Paralyzed hockey player shares health update in shocking video!

This will make your day!

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News can be so depressing that hearing the type of news we are bringing you here will make your day. Fox News, and many other outlets, have revealed that Jack Jablonski, the Benilde-St. Margaret’s hockey player who was paralyzed in a game back in 2011, has made major improvement in his health condition. 

Jablonski was a 16-year-old high school sophomore at Benilde St. Margaret’s in St. Louis Park, Minnesota, when he suffered a life-changing spinal cord injury after he was checked head-first into boards and broke his neck during a junior varsity hockey game in December 2011. Doctors informed Jablonski he was paralyzed from the chest down and would never walk again. 

The boy underwent intense physical therapy, but did not regain any movement in his lower body — until recently. On the Fourth of July, Jablonski celebrated in the best way possible, feeling his toes wiggling for the first time in seven years.  He posted the 20-second clip of his greatest accomplishment son far on Twitter Monday.

"Moving my toes on my own on my command," Jablonski tweeted, along with the video which has been viewed so many times now. Have a look for yourself: 

Jablonski, now 22, said the video was taken while he was on his family’s deck in Minneapolis on July 4th. He tries to move his toes periodically, he said. His left foot didn’t move, but then:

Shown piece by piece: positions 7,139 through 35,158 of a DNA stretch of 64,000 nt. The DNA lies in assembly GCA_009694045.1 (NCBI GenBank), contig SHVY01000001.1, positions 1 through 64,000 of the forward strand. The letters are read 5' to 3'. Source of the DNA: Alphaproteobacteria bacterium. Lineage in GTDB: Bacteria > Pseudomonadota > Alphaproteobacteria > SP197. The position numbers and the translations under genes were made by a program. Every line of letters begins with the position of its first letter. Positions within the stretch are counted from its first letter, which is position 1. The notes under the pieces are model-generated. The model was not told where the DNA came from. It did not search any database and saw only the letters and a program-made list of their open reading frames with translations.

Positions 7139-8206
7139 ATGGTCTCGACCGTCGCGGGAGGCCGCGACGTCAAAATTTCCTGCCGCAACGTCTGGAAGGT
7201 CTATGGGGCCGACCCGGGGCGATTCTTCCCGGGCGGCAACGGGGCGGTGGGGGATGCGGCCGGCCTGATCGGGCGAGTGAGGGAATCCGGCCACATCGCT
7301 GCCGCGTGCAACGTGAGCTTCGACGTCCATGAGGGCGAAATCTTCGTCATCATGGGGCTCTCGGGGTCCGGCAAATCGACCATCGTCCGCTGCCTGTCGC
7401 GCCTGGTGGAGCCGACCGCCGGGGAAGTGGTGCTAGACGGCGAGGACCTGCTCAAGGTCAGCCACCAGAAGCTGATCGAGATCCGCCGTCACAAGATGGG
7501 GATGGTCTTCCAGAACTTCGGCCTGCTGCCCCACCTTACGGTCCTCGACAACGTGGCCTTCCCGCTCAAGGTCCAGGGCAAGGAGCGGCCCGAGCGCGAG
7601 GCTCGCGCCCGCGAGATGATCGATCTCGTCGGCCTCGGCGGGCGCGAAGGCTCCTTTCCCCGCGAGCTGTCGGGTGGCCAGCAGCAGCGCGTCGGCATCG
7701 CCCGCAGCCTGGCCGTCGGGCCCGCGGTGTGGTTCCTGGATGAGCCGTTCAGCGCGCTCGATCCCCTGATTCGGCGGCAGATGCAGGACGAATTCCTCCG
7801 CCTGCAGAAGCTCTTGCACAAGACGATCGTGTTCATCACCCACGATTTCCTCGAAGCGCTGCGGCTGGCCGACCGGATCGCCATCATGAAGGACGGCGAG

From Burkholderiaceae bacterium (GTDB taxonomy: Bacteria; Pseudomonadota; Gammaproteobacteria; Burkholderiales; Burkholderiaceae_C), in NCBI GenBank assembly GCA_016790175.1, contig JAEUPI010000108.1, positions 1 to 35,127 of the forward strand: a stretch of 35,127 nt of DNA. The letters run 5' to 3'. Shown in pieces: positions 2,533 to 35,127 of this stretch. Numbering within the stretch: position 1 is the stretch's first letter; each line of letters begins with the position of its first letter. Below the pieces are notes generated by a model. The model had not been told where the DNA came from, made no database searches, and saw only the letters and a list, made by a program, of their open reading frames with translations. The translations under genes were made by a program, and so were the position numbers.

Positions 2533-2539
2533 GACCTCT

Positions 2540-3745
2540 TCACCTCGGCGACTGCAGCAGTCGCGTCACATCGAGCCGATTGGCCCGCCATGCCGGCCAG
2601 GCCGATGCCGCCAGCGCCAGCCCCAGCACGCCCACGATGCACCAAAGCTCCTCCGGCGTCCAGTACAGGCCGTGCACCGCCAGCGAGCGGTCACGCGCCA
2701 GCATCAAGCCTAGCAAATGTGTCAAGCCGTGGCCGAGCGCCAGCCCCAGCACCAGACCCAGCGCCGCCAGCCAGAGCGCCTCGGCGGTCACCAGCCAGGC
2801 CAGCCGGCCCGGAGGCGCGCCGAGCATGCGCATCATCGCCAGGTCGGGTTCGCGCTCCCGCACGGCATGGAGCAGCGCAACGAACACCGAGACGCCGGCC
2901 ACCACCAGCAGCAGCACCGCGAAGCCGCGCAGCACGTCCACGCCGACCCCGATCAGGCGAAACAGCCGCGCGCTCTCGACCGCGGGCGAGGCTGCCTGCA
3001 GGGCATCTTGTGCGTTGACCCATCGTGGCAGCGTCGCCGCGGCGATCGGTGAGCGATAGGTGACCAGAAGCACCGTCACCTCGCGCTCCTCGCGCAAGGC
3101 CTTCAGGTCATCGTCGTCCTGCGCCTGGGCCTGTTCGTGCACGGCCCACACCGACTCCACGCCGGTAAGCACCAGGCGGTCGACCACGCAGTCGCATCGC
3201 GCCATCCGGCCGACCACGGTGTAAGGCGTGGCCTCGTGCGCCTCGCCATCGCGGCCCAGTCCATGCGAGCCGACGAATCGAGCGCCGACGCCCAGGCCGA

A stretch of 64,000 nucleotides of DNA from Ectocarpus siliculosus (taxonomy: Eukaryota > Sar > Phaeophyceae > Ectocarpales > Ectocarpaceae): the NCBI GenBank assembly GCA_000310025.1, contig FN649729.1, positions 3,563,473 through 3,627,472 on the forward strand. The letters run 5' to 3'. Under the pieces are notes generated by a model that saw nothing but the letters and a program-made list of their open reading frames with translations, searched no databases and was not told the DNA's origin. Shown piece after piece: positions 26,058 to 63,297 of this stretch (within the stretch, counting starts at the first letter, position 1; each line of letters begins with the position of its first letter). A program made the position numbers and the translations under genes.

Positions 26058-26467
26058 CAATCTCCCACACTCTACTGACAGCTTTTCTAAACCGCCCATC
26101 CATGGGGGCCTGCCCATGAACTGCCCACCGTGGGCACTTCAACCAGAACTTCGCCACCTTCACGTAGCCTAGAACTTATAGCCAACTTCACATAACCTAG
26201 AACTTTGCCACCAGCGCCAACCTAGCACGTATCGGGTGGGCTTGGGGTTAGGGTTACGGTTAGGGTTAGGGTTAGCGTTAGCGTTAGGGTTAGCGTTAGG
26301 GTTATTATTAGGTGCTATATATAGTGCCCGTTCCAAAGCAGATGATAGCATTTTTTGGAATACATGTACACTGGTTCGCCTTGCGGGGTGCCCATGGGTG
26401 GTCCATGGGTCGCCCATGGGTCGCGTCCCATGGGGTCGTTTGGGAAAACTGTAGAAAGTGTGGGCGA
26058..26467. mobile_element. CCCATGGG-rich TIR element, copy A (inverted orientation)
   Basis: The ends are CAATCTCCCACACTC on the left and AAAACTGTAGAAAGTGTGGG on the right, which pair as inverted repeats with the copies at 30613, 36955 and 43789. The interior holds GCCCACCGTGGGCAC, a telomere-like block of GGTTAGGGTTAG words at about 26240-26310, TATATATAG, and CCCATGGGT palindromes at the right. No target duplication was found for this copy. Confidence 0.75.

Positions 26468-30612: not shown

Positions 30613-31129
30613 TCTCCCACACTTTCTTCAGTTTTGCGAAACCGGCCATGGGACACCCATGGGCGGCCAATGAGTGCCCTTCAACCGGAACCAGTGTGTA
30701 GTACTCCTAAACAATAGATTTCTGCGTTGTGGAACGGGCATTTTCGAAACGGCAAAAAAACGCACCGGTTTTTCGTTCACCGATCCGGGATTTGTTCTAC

"I started with the left foot and had no luck. Then tried the right. As I was trying to curl my toes down the outside three toes would twitch and flicker as I would attempt to do it," Jablonski told Fox News.

He called the movement “surreal” and said it’s great to see his hard work paying off.

It is now believed that his spinal cord may not be "completely severed," as doctors initially said.

"It was another sign that that is not case," he added.

"With the progress we’re seeing in the medical and scientific world it gives me hope to keep working hard in physical therapy and keep trying to prove the doctors wrong," Jablonski said, adding that he's currently in a great place and seeing progress.

There is still a long road for Jablonski, however, this is a great sign that anything is possible. 

Keep up the great work, Jack!